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Lewiston is located at the confluence of the scenic Snake and Clearwater rivers, approximately 465 river miles from the Pacific Ocean. Lewiston is the most inland seaport on the West Coast. Through the Columbia-Snake waterway and three port districts, the community serves as an economic hub for the Inland Northwest and a window to the Pacific Rim.
The cities of Lewiston, Idaho and adjoining Clarkston, Wash., trace their heritage to the 1804-1806 expedition of Captains Meriwether Lewis and William Clark—a journey commissioned by the nation's third president, Thomas Jefferson, to seek and chart a new trade route to Asia. Two centuries later, the Lewiston area (with a population of approximately 56,000) indeed plays an integral role in the economic and cultural link of the Pacific Northwest and Asian trading partners that include Japan, China, Taiwan, Korea, Russia and other countries.
Lewiston served as Idaho's first territorial capital in 1865, before the seat of government was moved to Boise in the state's southwest region. Lewiston grew seemingly overnight into a center of commerce and culture after the discovery of gold in the mountains of north central Idaho.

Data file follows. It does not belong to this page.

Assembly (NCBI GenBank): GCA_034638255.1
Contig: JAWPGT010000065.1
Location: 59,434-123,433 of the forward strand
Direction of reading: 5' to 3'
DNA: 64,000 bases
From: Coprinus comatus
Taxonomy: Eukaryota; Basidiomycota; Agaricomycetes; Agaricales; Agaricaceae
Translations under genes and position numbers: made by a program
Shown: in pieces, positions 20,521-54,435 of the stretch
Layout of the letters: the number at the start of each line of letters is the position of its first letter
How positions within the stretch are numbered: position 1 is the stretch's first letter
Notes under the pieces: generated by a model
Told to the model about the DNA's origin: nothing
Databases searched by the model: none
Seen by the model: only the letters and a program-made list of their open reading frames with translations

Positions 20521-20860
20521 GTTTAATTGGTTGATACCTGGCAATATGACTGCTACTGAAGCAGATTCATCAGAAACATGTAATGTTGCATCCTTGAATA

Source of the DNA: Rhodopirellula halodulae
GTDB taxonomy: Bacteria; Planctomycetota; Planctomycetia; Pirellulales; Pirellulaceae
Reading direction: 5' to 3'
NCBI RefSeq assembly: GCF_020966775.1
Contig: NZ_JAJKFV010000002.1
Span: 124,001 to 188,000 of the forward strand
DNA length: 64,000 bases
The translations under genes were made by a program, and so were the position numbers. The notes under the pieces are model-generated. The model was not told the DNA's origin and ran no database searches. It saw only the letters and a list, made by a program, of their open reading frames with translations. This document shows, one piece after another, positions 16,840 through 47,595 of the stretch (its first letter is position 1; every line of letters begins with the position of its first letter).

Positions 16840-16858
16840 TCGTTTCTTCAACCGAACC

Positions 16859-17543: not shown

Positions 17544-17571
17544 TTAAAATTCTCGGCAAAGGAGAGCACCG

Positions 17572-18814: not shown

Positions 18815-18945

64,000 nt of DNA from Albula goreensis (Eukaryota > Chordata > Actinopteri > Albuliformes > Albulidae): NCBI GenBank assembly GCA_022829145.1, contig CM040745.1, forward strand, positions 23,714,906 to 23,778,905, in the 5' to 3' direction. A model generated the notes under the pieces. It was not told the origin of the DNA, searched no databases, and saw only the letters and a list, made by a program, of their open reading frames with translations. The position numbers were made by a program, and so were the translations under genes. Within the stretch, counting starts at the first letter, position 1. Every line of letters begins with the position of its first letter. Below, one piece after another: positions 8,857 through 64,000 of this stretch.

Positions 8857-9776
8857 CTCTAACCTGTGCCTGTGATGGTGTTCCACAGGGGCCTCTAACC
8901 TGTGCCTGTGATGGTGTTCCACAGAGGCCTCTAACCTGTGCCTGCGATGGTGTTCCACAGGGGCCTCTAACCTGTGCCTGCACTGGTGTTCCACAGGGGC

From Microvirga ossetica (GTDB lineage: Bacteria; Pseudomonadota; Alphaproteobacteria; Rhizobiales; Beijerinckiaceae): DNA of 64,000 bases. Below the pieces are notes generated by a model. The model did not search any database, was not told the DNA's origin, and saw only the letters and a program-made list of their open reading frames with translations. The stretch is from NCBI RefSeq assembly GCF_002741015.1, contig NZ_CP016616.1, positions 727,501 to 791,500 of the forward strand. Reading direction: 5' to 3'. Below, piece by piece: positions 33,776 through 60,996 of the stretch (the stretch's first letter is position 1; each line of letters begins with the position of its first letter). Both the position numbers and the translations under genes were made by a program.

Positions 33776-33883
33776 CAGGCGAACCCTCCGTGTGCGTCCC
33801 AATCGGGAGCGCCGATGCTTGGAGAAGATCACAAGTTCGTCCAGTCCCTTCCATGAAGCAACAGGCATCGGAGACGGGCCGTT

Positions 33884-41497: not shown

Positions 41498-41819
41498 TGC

Lewiston's elevation is 738 feet and provides ideal temperature conditions, hence the nickname "Banana Belt". The average year-round high in Lewiston is 63 degrees; the average minimum is 41 degrees. When the surrounding area is covered in snow, Lewiston's average daytime highs range from 47.6 in November and 41 degrees in December to 39 degrees in January and 46 degrees in February. Annual precipitation is 12.63 inches, relatively evenly distributed throughout the year.
The moderate, inviting climate is ideal to year-round recreational pursuits golfing, fishing, hunting, cycling—to name a few. The area has an extensive paved path along the rivers for walking, running and cycling, and Lewiston was named one of the top outdoor recreation cities in the United States by Outdoor Life.
Lewiston is located approximately 100 miles south of Spokane and 270 miles north of Boise. Both Portland and Seattle are about a six-hour drive away.
For more detailed information about the Lewis-Clark Valley, visit the Lewis-Clark Chamber of Commerce.